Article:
Halloween is just around the corner, and kids are dreaming about all the booty they will collect from their unsuspecting neighbors. ALL this candy free for the taking? WHAT a HOLIDAY!

But we all know that candy can take a toll. What parent hasn’t experienced (and thereafter dreaded) the post-Halloween sugar high, with hyperactive children bouncing off the walls and fighting with each other, and the subsequent sugar-crash and nearly unbearable grouchiness after the candy runs out. That dramatic up and down isn’t good for kids, but (sigh) it’s (hopefully) only a once-a-year binge so even though I don’t like it, I’m not quite as concerned with that. It’s the chemically processed and unpronounceable ingredients in commercial Halloween candy that really has me concerned.

Are you concerned, too, but don’t want to be cast as the Wicked Witch of the neighborhood (and possibly getting egged and TP’ed) for handing out boring apples and pretzels? Here are a few ideas for different treats that still let the kiddos have their Halloween fun.

Photos by Jeff Turner and Marcus Nelson, both via Flickr.

Photos by Jeff Turner and Marcus Nelson, both via Flickr.

1. Choose organic candies.

Pouches of YummyEarth and Annie’s fruit snacks or crackers and Endangered Species Bug Bites bite-size chocolates are made with no chemical colors, artificial flavors or corn syrup and kids love them. This of course won’t eliminate the sugar highs, but at least you’ll know it’s real sugar.

2. Make your own treats.

While most communities today discourage homemade Halloween treats for (real or perceived) safety reasons, you can still make your own for family members and good friends who stop by. Try some of these ideas:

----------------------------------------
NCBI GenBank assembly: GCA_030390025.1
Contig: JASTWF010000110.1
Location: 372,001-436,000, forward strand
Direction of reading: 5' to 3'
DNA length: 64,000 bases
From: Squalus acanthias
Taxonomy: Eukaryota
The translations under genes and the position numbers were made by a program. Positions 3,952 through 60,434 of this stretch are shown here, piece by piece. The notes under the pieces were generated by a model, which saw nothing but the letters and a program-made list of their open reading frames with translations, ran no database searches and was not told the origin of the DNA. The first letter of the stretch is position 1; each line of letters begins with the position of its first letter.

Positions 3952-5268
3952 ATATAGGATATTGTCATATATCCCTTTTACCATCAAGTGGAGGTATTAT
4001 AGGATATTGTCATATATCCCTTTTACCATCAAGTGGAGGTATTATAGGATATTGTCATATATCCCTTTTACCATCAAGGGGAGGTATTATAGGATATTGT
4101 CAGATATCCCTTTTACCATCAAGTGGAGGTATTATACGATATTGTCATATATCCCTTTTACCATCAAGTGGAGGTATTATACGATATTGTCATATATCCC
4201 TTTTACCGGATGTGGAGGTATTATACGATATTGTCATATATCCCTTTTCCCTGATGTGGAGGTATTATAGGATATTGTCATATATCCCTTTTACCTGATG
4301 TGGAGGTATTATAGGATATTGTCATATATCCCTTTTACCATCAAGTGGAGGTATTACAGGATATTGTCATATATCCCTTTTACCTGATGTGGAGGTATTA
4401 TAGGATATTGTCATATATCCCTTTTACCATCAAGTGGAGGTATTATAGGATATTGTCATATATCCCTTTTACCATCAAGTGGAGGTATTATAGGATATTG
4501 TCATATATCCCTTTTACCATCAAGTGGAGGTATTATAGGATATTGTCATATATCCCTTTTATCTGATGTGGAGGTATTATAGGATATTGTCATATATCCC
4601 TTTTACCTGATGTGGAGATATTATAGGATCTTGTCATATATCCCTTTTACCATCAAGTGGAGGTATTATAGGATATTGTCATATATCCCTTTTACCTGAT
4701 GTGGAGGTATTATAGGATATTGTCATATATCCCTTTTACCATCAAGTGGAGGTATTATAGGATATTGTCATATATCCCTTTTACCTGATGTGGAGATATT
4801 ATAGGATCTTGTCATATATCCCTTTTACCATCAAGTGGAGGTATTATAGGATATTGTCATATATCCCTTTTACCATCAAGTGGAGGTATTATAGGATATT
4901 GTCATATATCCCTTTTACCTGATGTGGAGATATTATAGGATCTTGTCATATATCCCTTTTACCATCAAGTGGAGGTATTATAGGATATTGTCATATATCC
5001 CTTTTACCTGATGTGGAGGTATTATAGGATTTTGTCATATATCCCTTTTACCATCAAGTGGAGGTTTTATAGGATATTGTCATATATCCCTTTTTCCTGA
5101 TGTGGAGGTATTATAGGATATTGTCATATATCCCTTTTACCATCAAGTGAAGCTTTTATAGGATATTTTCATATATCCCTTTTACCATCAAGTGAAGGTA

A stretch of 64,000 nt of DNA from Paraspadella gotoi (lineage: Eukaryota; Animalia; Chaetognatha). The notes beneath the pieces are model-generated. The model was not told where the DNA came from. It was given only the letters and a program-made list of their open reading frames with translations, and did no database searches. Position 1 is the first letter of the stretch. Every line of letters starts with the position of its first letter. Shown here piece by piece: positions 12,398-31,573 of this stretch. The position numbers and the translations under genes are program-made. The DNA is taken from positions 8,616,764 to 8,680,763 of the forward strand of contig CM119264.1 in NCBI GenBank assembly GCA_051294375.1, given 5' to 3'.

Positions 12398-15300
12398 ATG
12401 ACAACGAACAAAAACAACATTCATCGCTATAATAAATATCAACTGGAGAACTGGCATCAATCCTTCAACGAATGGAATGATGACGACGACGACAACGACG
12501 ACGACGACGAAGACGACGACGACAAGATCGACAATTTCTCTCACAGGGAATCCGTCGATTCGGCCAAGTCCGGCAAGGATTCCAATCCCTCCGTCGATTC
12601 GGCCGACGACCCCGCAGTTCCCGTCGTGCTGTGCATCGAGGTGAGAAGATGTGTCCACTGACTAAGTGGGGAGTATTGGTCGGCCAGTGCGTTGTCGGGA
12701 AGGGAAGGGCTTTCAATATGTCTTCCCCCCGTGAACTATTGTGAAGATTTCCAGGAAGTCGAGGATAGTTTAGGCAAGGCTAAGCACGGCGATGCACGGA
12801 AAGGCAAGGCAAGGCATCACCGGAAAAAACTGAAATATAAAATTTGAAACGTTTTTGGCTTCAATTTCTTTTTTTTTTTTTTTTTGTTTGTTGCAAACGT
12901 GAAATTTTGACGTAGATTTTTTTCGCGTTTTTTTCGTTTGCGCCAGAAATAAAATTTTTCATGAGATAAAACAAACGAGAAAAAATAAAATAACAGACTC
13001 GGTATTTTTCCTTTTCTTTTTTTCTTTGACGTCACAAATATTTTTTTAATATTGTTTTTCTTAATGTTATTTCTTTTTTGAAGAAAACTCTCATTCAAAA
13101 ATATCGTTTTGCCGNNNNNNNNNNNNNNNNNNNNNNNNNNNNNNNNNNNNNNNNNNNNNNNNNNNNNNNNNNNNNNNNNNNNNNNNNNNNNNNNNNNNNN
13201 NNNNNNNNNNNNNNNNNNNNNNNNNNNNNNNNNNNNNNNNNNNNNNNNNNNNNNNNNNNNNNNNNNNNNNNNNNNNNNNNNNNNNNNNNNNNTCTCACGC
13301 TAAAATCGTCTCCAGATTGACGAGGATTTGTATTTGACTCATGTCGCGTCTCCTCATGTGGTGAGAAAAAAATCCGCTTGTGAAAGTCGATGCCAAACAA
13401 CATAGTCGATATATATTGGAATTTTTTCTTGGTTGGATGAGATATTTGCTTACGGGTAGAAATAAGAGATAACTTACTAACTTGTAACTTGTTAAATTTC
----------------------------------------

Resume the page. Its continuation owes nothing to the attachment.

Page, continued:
Egg-free Cookie Dough Truffles

Caramel Apples: Has anyone ever finished a whole caramel apple? I always feel like my teeth are going to fall out halfway through. To make this a little less of a sugar-high, try cutting the apples into wedges, insert a stick at one end, and fully coat the wedges (so they don’t turn brown) with a thin layer of caramel. (This works best with homemade caramel, which tends to be a little thinner.) Then you can leave as-is or coat with nuts or chocolate shavings. This makes a 2-3 bite treat, which just happens to be the number of bites between houses in the average neighborhood. (Feeling ambitious? Here’s a healthier caramel recipe.)

Mini organic cupcakes with frosting that will turn kids’ mouths a spooky green, orange or black. (If you prefer natural food colorings, check out Maggie’s Naturals.) Mini cupcakes are another perfect 2-3 bite size.

Bags of salty-sweet trail mix are also a simple, low-sugar, cooking-free option.

3. Toys

Halloween tips articles always say that toys are a “great” option instead of candy, and I agree — to a certain extent. You’ve gotta have cool (and age-appropriate) toys. They don’t have to be expensive, but things like glow stick necklaces and bracelets, glow in the dark toys, cars and bouncy balls are good for younger and middle-school kids, but older trick-or-treaters might, at best, give you the stinkeye and not come back next year or, at worst, return to egg your house under cover of night. Best to have a few options available…

4. What about the aftermath? Introducing…the Candy Fairy!

Of course you can’t control what other houses give out, so the Candy Fairy lets the kids have their trick-or-treating fun and then miraculously transforms the candy overnight into healthy options, organic candies, toys, or a mix of each. There are lots of variations, too: Some families let their kids gorge themselves on Halloween, and then the Candy Fairy steals everything leftover. Other families let kids choose 5 or 10 pieces to enjoy in the upcoming week, and then the Candy Fairy steals or transforms the rest. Some Candy Fairies turn the candy into one big non-food “treat” such as a toy the child has been wanting. This last variation is especially nice for families with children who cannot have sugar for health, attention or hyperactivity reasons, but who want their child to experience the fun of trick-or-treating.

Sugar is definitely vilified these days, and there’s no doubt Americans need to cut back on sugar consumption for the sake of our children’s and our own health. But if we can discipline ourselves to view it as a treat to be enjoyed in moderation throughout the year, then there’s no reason why children (and you!) can’t enjoy a little sugar splurge on Halloween — especially if it’s a delicious organic chocolate or homemade yummy!